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Review: Theeb

Not so much a burner, as much as a smouldering blaze, the film Theeb by writer and director Naji Abu Nowar is a must watch.

Led by a outstanding performance from the young Jacir Eid Al-Hwietat, an actual Bedoiun, this film set in Arabia in 1916, Jordan’s entry for Best Foreign Film at next year’s Oscars, has been compared to Lawrence in Arabia from the point of view of the Arabians. But the film, Theeb, meaning Wolf, is something of a wolf in sheep’s clothing. Because while the film is ostensibly about events taking place one hundred years ago, one suspects that Naji Abu Nowar has an eye towards the present throughout in a wild subversion of expectations. A blond British saviour type arrives early in the film, and while he is Lawrencian, there is ostensibly more to the character than simply a riff on David Lean’s masterpiece as well as the historical events that inspired the film.

Theeb starts and ends with Al-Hwietat’s gutsy performance as Theeb, who is raised by his not-much older brother Hussein and must struggle to find enlightenment in difficult times and searching for exactly whom to trust.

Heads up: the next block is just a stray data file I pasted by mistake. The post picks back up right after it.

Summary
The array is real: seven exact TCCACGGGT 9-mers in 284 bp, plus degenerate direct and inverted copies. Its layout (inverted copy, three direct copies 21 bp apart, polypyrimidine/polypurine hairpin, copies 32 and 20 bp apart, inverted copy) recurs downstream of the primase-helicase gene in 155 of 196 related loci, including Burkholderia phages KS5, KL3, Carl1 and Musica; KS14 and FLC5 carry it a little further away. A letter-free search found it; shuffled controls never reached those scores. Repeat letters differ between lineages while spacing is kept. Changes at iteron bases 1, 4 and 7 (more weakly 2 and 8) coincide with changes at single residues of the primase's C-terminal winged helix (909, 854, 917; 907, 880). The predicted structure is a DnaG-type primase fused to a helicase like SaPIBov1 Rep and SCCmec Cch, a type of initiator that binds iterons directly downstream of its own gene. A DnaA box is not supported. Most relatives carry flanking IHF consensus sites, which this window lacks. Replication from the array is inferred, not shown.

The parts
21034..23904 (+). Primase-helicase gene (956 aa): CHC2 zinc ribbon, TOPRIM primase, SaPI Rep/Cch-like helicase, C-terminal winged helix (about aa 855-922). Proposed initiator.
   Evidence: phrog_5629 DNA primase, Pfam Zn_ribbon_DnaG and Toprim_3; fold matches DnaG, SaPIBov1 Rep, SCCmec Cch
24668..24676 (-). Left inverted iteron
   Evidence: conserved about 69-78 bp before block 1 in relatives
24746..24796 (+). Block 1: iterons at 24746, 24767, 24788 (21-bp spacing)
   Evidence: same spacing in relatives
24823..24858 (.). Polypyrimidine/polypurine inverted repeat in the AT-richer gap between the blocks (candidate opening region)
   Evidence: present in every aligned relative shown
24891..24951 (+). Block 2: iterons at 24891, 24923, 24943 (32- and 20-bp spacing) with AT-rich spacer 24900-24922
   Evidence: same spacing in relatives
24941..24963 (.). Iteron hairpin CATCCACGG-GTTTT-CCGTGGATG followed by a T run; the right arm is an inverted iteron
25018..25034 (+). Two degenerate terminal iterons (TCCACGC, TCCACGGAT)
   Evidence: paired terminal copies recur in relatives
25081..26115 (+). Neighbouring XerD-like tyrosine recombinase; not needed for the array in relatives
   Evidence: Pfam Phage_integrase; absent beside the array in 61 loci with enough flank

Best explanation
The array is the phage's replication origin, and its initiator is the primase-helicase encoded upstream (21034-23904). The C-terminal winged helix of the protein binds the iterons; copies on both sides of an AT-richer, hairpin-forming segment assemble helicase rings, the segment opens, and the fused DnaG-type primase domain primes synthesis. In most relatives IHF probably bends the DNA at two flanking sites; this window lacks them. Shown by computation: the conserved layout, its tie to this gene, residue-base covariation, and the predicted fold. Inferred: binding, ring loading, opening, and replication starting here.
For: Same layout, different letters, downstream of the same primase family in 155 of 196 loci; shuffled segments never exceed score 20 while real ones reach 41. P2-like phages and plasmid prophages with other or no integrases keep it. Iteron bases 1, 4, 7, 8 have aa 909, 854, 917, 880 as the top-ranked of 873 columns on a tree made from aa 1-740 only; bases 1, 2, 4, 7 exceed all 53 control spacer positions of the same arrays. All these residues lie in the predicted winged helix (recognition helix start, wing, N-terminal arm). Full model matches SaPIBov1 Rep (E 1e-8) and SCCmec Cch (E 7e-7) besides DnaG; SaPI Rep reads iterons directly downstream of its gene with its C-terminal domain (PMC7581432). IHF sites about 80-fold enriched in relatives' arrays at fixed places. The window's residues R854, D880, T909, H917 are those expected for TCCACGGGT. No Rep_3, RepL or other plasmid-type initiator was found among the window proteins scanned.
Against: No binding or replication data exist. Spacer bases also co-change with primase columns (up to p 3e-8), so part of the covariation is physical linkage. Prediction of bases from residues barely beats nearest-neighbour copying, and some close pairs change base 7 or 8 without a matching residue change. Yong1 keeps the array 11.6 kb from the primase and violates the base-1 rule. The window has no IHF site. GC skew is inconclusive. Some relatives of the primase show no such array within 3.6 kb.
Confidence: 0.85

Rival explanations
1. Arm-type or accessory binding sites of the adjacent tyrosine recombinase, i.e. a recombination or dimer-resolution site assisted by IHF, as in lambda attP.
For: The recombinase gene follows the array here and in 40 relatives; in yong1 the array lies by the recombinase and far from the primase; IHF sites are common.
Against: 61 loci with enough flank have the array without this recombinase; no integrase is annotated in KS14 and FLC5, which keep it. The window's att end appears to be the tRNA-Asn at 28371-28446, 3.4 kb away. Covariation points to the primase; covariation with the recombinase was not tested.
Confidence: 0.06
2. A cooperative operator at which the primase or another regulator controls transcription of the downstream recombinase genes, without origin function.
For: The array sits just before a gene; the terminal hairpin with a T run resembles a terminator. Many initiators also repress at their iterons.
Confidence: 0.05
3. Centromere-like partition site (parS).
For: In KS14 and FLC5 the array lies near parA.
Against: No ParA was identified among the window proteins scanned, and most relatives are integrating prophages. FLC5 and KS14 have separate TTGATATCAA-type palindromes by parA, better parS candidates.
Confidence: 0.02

At the risk of giving away too much, there is a sequence at the end of the film that once more is not a fiery conclusion, but when taken metaphorically says so much about the character and the journey that he has undertaken, (and is about to undergo, as the film finishes with a far from neat conclusion). When combined with stunning visuals and a hypnotic score, the journey of a thousand miles may appear to start with a single step in the far-reaching and powerful Theeb. This wolf has teeth.

[star v=4]